I have been given an abundance of talents. What have I been doing with them?
Yesterday, I was talking to my doTerra upline. She said,
“YOU HAVE SOMETHING TO GIVE, THAT SOMEONE ELSE HAS BEEN PRAYING FERVENTLY FOR!”
What a paradigm shifting sentence! Maybe that gift is natural healing. Maybe it is being willing to be present and listen even when I am busy and stressed. Maybe it is giving someone hope.
What good can I do in this world? What do I have to give that can fill up someone else’s lack?
I am a teacher.
I am a healer.
I am a caregiver.
Please take the time to comment below. What is your talent? How are you being led to use it? What barriers do you have? How do you need supported to be successful? I would love to hear of your successes and failures as we all grow together!
Spoiler alert, it's a boy!!!
Penelope went into labor Sunday Apr 25th. We could tell it was her time because her udder filled up and got tight and she started being more vocal, pawing the ground, pacing, wouldn’t settle down and chew her cud, and was generally upset. Poor Penelope, she didn’t know what was happening. I had everything all set up in the barn for her and we kept a close eye on her throughout the day and evening. Initially the girls said they were going to sleep in the barn and they got out and blew up the air mattress and got out their sleeping bags and bedding. Last minute, though, Emma decided she did not want to sleep in the barn and then Cecilee didn’t either.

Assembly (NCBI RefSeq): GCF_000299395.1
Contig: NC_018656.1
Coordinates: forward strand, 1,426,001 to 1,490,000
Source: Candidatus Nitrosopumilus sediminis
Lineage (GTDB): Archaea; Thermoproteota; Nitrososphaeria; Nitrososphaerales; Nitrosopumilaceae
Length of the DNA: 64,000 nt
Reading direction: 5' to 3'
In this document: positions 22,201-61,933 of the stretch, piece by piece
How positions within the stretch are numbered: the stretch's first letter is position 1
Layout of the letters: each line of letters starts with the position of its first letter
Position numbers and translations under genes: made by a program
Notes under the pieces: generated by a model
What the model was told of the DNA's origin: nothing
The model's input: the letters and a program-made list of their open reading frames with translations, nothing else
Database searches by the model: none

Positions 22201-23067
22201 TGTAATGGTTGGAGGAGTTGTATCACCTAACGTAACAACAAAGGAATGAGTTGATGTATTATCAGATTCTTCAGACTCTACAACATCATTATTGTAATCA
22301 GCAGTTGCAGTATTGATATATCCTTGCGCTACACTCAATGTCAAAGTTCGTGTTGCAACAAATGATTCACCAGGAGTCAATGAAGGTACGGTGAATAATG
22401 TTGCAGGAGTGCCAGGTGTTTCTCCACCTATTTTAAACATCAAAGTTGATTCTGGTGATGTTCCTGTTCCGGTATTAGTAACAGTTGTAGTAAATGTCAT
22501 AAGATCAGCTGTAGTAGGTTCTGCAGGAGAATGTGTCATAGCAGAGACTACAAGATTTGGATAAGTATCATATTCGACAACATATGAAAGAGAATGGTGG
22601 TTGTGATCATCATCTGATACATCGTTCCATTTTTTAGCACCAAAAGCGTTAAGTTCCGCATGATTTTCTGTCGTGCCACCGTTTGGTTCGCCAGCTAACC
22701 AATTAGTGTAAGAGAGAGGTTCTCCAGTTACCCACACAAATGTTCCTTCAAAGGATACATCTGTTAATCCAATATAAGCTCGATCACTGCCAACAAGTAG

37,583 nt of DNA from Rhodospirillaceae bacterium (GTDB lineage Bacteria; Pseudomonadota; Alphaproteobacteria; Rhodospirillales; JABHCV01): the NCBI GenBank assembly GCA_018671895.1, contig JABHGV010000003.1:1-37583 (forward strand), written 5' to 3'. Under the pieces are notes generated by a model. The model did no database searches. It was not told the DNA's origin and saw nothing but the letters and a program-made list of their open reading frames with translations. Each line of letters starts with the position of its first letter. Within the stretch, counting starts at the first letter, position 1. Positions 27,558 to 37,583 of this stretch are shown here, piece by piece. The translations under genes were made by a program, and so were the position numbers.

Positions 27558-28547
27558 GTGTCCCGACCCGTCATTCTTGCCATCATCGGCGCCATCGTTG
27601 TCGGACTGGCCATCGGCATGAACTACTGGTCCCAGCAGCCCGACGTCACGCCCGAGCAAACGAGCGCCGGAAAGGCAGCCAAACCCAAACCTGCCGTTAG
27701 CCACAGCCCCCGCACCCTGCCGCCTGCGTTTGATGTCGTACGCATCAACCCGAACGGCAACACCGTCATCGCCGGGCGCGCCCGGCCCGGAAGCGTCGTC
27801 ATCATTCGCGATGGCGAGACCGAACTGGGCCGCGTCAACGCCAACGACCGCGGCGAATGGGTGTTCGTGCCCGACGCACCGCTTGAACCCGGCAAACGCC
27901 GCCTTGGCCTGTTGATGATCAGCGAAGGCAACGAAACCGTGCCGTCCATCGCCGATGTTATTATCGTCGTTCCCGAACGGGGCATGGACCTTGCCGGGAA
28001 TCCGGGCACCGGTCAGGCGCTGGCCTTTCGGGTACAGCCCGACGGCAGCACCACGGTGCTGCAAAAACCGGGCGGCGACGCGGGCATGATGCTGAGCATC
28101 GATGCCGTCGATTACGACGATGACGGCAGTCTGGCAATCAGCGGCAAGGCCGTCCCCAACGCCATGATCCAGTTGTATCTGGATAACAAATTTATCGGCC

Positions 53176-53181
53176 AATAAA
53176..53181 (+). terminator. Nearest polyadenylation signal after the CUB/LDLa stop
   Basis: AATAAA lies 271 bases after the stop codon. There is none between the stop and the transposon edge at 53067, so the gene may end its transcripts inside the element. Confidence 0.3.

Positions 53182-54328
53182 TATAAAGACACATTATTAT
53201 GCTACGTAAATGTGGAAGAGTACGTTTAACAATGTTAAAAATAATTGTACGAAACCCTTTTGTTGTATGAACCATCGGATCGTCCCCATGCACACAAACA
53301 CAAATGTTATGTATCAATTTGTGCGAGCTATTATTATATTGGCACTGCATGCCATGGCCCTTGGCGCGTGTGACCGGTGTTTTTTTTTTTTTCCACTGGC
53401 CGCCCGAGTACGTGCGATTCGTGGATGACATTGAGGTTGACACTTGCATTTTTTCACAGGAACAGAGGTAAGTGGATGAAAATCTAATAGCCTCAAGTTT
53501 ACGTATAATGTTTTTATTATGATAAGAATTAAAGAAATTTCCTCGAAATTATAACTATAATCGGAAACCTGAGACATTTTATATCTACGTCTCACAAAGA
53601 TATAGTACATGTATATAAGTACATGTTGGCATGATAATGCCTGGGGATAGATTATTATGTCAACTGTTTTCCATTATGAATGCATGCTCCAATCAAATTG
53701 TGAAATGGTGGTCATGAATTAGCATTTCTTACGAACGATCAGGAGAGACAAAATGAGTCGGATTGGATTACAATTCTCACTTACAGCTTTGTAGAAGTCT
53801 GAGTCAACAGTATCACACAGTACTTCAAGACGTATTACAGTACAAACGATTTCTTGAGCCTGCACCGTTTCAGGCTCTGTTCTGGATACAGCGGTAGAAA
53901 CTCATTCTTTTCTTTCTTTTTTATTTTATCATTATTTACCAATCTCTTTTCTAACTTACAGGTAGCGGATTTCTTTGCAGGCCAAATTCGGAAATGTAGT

Although she continued to have labor signs, she did not appear any closer when we went to bed at 11:30 pm. I am all for my comfy bed. I wasn’t sleeping in the barn! I set my alarm for 1 hour, and promptly passed out. It had been a really busy weekend, and I am not as young as I once was!!! Before I knew it, the alarm went off, and I huffed and puffed out of bed, into some clothes, glasses and boots out to the barn. Nothing. One hour later, I repeated this process. This time I watched Penelope for about 5 minutes, but she had laid down and was chewing her cud, not pushing or looking in any distress. I came back to the house and said to myself, “I need at least 90 min to get a full REM cycle in and that goat looks like she is not even going to have babies tonight!” So I set my alarm for 2 hours. About 1 ½ hrs later, Josh got up, and asked me if I would like to have him go check. Knowing that my alarm was going to go off in another 30 min and that if nothing was happening I could avoid this wake up for another 2 hours, I said yes. So he got his clothes and glasses and boots on and huffed and puffed out to the barn.
About 30 seconds later, I heard him running back to the house. I don’t know if I have gotten out of bed so fast since the last time a chicken was getting eaten by a raccoon in the middle of the night. “Honey, there is a baby on the ground! It is breathing and looks good but she is still pushing! Hurry!”
Faster than this Mama ever moves, I got out to the barn, and sure enough there was a perfect little black and white…buckling…sigh. We of course instantly fell in love with each other. And he was up and moving, strong, nursing and bleating before we knew it.